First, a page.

Can we blame my daughters for the rainy week?
Summer begins Thursday, but it sure doesn't look the part. But could my young daughters have had a hand in making it rain this week?
I noticed Wednesday morning after their bath was done that they had left four small cups filled to the brim with water. It jogged a memory from when I was a kid that one time I left the bath water in overnight and then two days later, we had a really big rainstorm and I wondered: Did my leaving the water in the bath help give more rain in the clouds? (Never mind that the water was still mostly in the tub as you would expect and not spontaneously evaporated, but I think I was 9...)
So being the scientist that I am and, now that school's out, had a few extra minutes this morning to run around, I decided to find out: Could my daughters' leftover water contribute in any way to the current rainy pattern?
Tongue firmly in cheek, I set out to measure how much water they had left behind in the cups. (Puzzled daughter: "Daddy, why are you running downstairs with a pitcher full of water?" Me: "It's for science!... and our Pyrex are in the kitchen.")
It turns out they had saved out 56 ounces of water, or .001656 cubic meters. The average dropsize, assuming a general size Seattle-area rain of 1.3 mm in diameter has a volume of 1.15x10-9 cubic meters. (Or spelled out: .00000000115).
Divide the two out and you get enough water for roughly 1.44 million raindrops!
Now, let's assume that all that water spontaneously evaporated (it won't; it'd take weeks) and for simplicity's sake, ignore any kind of wind currents that would carry the water vapor far away from here, and we'll ignore dozens of other things that would probably happen to the vapor in between and just say the water went straight from the bathtub right to a cloud over Seattle.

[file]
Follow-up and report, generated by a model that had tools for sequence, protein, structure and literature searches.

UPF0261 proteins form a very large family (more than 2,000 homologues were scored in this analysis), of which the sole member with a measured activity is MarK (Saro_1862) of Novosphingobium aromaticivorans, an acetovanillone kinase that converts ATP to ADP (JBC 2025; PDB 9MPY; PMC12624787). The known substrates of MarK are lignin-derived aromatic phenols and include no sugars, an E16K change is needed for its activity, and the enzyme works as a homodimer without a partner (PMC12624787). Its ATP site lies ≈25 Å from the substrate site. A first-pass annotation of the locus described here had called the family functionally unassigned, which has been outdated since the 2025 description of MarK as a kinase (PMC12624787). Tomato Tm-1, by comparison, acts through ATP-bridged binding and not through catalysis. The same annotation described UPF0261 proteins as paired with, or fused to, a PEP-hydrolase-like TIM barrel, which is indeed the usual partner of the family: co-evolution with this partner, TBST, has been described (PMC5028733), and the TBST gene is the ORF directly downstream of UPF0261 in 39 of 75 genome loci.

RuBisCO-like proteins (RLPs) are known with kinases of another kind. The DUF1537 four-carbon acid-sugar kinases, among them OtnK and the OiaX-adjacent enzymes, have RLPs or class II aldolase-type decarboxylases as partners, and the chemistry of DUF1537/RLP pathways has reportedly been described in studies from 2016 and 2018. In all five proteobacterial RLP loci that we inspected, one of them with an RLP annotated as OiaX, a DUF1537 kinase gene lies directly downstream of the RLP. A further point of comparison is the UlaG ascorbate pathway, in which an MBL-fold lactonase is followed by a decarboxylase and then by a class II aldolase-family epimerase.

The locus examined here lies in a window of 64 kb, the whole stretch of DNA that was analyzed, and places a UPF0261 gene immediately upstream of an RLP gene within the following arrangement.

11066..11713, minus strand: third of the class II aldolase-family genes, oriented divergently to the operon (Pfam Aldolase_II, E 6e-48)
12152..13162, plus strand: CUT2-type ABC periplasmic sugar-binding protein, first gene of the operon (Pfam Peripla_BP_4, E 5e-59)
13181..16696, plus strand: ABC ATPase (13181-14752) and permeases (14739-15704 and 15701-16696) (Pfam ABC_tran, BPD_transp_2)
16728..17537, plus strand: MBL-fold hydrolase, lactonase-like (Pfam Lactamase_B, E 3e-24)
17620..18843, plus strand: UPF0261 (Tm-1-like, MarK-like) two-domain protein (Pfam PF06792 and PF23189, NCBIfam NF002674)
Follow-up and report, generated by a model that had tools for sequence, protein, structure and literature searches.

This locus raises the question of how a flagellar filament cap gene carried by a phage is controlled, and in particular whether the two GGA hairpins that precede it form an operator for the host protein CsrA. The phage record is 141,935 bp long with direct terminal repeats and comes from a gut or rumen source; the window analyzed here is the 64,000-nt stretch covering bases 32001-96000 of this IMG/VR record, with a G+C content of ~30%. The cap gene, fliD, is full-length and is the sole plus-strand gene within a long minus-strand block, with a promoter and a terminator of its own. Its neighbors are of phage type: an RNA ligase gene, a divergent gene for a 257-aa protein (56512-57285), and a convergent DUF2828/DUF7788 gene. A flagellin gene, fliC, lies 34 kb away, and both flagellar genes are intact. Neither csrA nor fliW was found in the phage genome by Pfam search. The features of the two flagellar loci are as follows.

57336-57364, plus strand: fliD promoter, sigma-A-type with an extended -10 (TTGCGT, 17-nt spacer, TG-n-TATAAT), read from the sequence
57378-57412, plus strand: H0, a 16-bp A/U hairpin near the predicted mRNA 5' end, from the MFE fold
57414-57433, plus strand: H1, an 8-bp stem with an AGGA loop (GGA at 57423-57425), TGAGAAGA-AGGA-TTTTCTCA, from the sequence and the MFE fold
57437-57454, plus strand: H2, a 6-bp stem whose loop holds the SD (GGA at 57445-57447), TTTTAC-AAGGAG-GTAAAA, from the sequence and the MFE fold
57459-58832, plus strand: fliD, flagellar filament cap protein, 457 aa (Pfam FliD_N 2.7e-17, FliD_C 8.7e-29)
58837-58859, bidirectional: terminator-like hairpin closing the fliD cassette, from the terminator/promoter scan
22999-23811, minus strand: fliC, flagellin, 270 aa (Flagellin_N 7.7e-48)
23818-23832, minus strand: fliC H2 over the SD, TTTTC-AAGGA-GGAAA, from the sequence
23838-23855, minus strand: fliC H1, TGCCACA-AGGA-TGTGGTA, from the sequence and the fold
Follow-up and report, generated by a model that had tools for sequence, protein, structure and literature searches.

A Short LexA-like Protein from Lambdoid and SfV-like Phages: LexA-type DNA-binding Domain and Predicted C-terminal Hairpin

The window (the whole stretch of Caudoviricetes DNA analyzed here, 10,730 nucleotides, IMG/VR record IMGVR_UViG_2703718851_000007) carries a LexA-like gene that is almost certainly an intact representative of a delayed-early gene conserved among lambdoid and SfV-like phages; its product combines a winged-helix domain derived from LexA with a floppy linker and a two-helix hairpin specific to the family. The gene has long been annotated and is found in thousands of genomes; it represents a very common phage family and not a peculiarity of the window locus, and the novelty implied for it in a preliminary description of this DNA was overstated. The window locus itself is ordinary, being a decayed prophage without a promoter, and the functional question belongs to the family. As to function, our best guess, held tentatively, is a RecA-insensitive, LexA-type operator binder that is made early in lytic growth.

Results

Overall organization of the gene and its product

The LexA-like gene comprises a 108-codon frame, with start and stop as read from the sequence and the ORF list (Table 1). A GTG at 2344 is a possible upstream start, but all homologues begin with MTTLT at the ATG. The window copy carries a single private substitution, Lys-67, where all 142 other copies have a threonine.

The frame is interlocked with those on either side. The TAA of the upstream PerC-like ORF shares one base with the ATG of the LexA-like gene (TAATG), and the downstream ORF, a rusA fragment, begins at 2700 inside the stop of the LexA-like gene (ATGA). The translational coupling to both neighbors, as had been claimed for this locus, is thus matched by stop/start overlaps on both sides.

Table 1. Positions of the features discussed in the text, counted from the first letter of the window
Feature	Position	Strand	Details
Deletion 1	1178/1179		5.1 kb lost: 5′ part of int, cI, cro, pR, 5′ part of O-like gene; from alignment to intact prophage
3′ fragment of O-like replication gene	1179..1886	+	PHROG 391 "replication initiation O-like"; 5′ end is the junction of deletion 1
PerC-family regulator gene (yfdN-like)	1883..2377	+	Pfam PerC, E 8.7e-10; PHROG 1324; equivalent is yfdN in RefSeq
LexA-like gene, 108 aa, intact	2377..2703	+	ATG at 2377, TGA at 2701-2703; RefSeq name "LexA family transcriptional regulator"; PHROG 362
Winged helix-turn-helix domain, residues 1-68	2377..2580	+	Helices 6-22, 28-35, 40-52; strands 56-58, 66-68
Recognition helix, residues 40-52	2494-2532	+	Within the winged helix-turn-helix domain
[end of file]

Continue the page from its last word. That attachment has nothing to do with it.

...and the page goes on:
How much more rain would it add?
Of course, clouds are of all shapes and sizes, but let's pick a rainy cloud that is 1 mile across and 1 mile tall and is shaped more or less like a cylinder and is going to drop 0.25" of rain. How many like-minded raindrops would be in that cloud? With a little help from USAToday's "Ask Jack" column and adjusting their numbers to our much smaller cloud, our Seattle cloud that size would produce about 11.1 trillion raindrops.
(11,182,336,182,336 to be exact!)
If we're adding in our 1.44 million raindrops, that's like adding 0.000013 percent, or about 1/7-millionth of an increase.
In other words, not making much of a dent! It's like adding one person to the population of the state of Washington.
So, as expected, the rain this week is the work of Mother Nature...and considerably larger versions of the water cycle.
(And kids, you're off the hook!)
Special thanks to Rob Wood, Neal Johnson, Nick Bond and Clint Bowman for help with the ultra complicated equations :)